Having My Cake
Kate Pullinger is an author who talked about digital fiction projects. She spoke about the networked novel. One example was a Wiki page where anyone could add to it. With this project, over 80,000 people logged in, and 1500 people wrote and edited it. However, one issue was how to control and contain it. It was subject to creative vandalism (passages deleted, for example), but it could be easily reverted to the previous version. One example of creative vandalism was one user changed all the nouns in the text to the word “banana” (his username was bananaman).
It’s a different kind of collaborative project, she said, but the market of digital fiction is an emerging market. Books can be spreadable media, she said, making digital fiction more successful.
The Death of the Ten Dollar Text File
Matt MacInnis from Inkling talked about his company’s strategy. He said that every product needs a way to be built, distributed, and used. But scale doesn’t always solve meaningful problems. Content isn’t trustworthy when built at scale at the cost of all else, he said.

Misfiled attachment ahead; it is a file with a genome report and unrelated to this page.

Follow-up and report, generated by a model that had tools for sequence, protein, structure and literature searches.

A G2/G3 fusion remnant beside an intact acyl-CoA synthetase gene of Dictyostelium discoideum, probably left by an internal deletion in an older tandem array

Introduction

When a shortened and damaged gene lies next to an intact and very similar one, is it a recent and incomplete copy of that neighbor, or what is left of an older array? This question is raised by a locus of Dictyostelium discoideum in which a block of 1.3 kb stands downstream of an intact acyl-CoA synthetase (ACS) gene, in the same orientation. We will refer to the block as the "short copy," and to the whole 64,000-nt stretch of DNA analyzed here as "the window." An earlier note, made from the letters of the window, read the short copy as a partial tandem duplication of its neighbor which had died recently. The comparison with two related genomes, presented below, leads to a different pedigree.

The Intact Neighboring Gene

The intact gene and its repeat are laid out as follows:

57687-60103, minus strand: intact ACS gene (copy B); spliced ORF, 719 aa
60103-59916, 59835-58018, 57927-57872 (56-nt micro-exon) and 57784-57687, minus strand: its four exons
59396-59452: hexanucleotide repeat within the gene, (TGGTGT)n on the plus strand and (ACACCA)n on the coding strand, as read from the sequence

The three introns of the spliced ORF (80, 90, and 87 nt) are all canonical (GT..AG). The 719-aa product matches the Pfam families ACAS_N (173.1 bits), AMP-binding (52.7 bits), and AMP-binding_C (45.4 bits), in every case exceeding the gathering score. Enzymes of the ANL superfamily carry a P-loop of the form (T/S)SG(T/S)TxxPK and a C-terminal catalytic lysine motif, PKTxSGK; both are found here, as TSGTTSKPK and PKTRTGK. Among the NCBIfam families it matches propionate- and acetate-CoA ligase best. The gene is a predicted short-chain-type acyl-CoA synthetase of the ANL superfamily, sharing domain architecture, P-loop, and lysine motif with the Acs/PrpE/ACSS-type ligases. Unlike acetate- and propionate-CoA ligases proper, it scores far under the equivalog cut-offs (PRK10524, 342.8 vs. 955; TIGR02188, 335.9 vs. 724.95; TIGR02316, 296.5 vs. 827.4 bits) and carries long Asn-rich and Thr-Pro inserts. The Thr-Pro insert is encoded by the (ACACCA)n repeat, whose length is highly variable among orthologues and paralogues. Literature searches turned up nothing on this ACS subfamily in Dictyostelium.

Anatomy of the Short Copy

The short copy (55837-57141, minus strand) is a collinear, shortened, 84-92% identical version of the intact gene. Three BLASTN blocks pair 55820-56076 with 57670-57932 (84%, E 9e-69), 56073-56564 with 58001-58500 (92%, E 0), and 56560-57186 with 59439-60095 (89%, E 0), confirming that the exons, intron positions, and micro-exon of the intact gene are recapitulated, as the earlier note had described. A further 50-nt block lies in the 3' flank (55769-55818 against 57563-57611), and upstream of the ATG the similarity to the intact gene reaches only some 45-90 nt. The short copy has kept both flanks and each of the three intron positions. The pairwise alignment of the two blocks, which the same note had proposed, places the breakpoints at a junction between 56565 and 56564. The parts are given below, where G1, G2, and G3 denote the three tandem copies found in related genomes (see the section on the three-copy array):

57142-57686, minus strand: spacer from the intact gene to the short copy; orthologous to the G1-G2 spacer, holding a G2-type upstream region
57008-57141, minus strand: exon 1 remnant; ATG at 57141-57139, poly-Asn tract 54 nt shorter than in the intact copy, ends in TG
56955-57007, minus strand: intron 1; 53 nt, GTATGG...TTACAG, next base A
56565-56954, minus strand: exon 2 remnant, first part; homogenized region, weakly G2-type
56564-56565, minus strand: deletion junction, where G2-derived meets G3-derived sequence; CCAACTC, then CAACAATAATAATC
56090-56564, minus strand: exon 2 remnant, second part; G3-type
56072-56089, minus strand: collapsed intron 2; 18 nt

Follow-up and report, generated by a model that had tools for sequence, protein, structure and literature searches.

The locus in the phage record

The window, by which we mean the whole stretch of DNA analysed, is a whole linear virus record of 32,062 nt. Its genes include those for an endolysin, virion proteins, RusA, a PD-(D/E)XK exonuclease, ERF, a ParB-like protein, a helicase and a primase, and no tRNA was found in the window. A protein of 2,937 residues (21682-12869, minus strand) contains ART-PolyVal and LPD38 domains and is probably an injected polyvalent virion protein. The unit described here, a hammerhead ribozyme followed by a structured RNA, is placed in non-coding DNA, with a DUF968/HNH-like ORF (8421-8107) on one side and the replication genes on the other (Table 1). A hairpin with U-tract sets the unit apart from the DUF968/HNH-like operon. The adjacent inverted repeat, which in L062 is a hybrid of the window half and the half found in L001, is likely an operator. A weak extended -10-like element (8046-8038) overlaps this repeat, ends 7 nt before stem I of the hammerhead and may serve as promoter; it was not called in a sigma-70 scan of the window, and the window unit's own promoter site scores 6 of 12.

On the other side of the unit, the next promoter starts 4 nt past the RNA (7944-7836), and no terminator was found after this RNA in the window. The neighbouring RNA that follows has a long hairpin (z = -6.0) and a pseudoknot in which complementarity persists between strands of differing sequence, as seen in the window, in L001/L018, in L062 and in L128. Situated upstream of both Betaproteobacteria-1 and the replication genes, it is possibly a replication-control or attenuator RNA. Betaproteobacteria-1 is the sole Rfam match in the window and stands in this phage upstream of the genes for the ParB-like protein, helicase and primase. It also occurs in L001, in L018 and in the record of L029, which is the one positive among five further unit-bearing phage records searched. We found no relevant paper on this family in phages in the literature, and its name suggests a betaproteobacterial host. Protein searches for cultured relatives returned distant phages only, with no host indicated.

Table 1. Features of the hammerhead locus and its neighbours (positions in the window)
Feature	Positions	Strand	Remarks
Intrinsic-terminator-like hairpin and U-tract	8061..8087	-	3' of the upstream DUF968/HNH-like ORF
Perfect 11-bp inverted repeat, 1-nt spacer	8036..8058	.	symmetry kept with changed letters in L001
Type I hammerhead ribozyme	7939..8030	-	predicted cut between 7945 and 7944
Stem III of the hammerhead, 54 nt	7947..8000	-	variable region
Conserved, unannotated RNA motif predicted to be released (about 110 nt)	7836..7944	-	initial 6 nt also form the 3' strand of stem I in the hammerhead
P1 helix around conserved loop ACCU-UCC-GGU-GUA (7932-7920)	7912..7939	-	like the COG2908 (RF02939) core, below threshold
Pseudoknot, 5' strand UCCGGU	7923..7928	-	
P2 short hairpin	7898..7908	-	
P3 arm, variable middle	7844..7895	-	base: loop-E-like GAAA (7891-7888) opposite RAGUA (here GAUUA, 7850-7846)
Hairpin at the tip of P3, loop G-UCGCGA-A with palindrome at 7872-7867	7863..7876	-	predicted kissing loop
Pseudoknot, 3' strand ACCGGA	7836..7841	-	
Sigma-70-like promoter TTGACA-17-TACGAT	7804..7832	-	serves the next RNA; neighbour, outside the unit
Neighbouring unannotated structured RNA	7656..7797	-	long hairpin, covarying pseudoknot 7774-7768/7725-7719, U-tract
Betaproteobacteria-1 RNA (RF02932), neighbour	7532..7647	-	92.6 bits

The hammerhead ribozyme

Inkling Habitat is about content discovery. Content discovery is the fundamental reason no innovation is happening on the commercial side, MacInnis said. If no one can discover it, then it’s not really there. And the problem is finding information in the world at large.
People search on Google, he said, but they can’t find books easily there. There is no commercial book content in Google’s index. To appear in Google search, results must be able to directly access with a web reader and have no login barrier upon click. But there are contractual rights to excerpt and distribute, and there needs to be a infrastructure to directly monetize content. There is a granular structure on the web, and Inkling can be used to find books. It allows readers to explore content before getting a pay wall, and purchase a book. They can see content from Google and Twitter and share.
Content found from Google, he said, means higher quality discovery through semantic search. It allows for diversity of formats because Google only favors winners in search, he said. Clicking on a link and not the back button is a vote to become the number one result in a query.
Google says there must be five clicks in content to be on search. Inkling does this by structuring content via paragraphs (or cards), and not by chapters.
Books in Clouds